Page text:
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Summary Chapter 19

It is one of the most beautiful mornings imaginable in the English countryside when Mr. Wardle and the Pickwickians minus Mr. Snodgrass arrive at a game reserve where thy meet Martin, the gamekeeper who will lead the party on a shooting expedition. Alas, on account of being lame due to this rheumatism, Mr. Pickwick must return to his lodgings when one of Martin’s assistants proposes conveying Mr. Pickwick on a wheelbarrow. Though the gamekeeper is against this, he allows it on account of Mr. Pickwick’s strong desire to tag along.

As it turns out, Mr. Pickwick’s desire to tag along isn’t so much actuated by the loveliness of the scenery as it is to prevent Mr. Winkle’s ineptitude with firearms from creating havoc. Consequently, during the various stages of the expedition, Mr. Pickwick takes Mr. Winkle to task with regard the manner in which Mr. Winkle handles his firearm. Even so, Mr. Winkle’s handling of his firearm is so inept that the rest of the shooting party keeps a wary eye on him.

Though equally deficient in his knowledge of how to handle a firearm, Mr. Tupman proves to be much more circumspect and able in handling his. Indeed, Mr. Tupman manages to shoot down a partridge of his own even though he had pulled the trigger with his eyes closed.

Presently, the party stops for a meal in which everyone does justice to his appetite. During the meal, Sam Weller is censured by Mr. Pickwick for telling a gruesome story about a cook who resorted to butchering cats for his meat-pies. Otherwise, Mr. Pickwick proves to be the merriest of the bunch as he indulges in multiple cups of cold punch. Indeed, Mr. Pickwick drinks so much that he falls asleep on the wheelbarrow in a drunken stupor.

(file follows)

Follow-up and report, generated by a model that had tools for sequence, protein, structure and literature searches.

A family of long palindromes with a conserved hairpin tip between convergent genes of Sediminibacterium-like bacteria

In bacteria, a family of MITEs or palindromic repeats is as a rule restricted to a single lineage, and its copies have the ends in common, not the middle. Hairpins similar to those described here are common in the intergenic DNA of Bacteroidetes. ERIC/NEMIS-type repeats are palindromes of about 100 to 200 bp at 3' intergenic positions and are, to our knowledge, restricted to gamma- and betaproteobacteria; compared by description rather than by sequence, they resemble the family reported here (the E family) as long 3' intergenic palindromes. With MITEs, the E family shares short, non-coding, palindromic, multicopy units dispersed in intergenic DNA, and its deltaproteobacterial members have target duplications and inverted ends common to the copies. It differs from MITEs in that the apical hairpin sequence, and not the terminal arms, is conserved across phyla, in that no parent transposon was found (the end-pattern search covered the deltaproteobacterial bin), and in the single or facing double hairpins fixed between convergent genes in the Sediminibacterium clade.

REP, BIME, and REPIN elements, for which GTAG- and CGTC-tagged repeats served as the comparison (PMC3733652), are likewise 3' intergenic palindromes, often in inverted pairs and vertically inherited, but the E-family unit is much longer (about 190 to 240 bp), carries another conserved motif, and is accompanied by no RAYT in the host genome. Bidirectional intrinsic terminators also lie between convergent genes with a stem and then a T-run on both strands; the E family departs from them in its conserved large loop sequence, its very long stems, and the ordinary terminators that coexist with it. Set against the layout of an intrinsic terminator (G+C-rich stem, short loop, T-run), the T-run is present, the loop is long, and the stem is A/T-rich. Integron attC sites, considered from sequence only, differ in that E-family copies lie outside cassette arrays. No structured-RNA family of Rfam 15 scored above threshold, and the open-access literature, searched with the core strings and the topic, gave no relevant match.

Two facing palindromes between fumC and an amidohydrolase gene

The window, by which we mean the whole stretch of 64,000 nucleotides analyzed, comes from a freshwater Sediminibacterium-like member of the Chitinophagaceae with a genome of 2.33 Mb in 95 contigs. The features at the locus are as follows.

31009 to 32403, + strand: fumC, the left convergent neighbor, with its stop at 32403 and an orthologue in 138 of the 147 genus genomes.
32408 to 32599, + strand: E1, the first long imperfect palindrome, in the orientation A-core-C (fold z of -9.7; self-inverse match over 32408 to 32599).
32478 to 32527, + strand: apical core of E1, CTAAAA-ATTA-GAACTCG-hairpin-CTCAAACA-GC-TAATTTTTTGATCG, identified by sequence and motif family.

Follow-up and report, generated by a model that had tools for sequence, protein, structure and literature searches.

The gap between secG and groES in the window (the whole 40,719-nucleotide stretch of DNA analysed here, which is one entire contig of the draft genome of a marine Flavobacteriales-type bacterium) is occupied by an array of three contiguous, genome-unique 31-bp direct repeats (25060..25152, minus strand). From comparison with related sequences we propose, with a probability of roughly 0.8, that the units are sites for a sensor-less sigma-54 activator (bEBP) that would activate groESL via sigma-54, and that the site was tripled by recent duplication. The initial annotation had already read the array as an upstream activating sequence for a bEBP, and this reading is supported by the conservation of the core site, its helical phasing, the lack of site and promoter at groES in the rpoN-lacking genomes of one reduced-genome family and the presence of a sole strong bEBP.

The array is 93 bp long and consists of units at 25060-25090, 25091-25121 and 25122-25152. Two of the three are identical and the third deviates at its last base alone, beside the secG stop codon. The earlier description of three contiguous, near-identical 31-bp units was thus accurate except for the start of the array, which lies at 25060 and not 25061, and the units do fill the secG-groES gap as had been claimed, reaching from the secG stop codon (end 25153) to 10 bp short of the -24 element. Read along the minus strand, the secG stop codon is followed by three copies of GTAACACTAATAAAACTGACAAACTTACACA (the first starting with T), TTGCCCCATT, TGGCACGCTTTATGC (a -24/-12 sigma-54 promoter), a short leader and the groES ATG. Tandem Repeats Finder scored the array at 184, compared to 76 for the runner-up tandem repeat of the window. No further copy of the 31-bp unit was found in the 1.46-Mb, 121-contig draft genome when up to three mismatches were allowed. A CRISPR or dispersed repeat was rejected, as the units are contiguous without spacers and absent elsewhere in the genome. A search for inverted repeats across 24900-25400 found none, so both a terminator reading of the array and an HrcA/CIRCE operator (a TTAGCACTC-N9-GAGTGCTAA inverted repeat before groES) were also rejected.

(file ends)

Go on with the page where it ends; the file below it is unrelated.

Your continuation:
As the second phase of the shooting expedition commences, the party decides to let Mr. Pickwick sleep it off under the shade of an oak tree and then to pick him up on their way back. Alas, a half-hour passes when Captain Boldwig and his two gardeners come across Mr. Pickwick. Captain Boldwig, who is a fierce-tempered man and who is the landowner of the land upon which the shooting party had trespassed, decides to have the sleeping Mr. Pickwick incarcerated.

Thus, when the shooting party returns to the shade of the oak tree, they are puzzled by Mr. Pickwick’s disappearance. They can’t imagine how a lame man could have walked away, let alone push a wheelbarrow before him.

Meanwhile, Mr. Pickwick wakes up to find himself incarcerated and the object of derision by the local townsfolk when a passing vehicle stops and Mr. Wardle comes to Mr. Pickwick’s aid. Thus, Mr. Pickwick is whisked away in the vehicle.

When apprised of what had happened, Mr. Pickwick avows to file a lawsuit against Captain Boldwig. However, Mr. Wardle dissuades Mr. Pickwick from filing, arguing that Captain Boldwig could counter sue and embarrass Mr. Pickwick for being publicly intoxicated.

Charles Dickens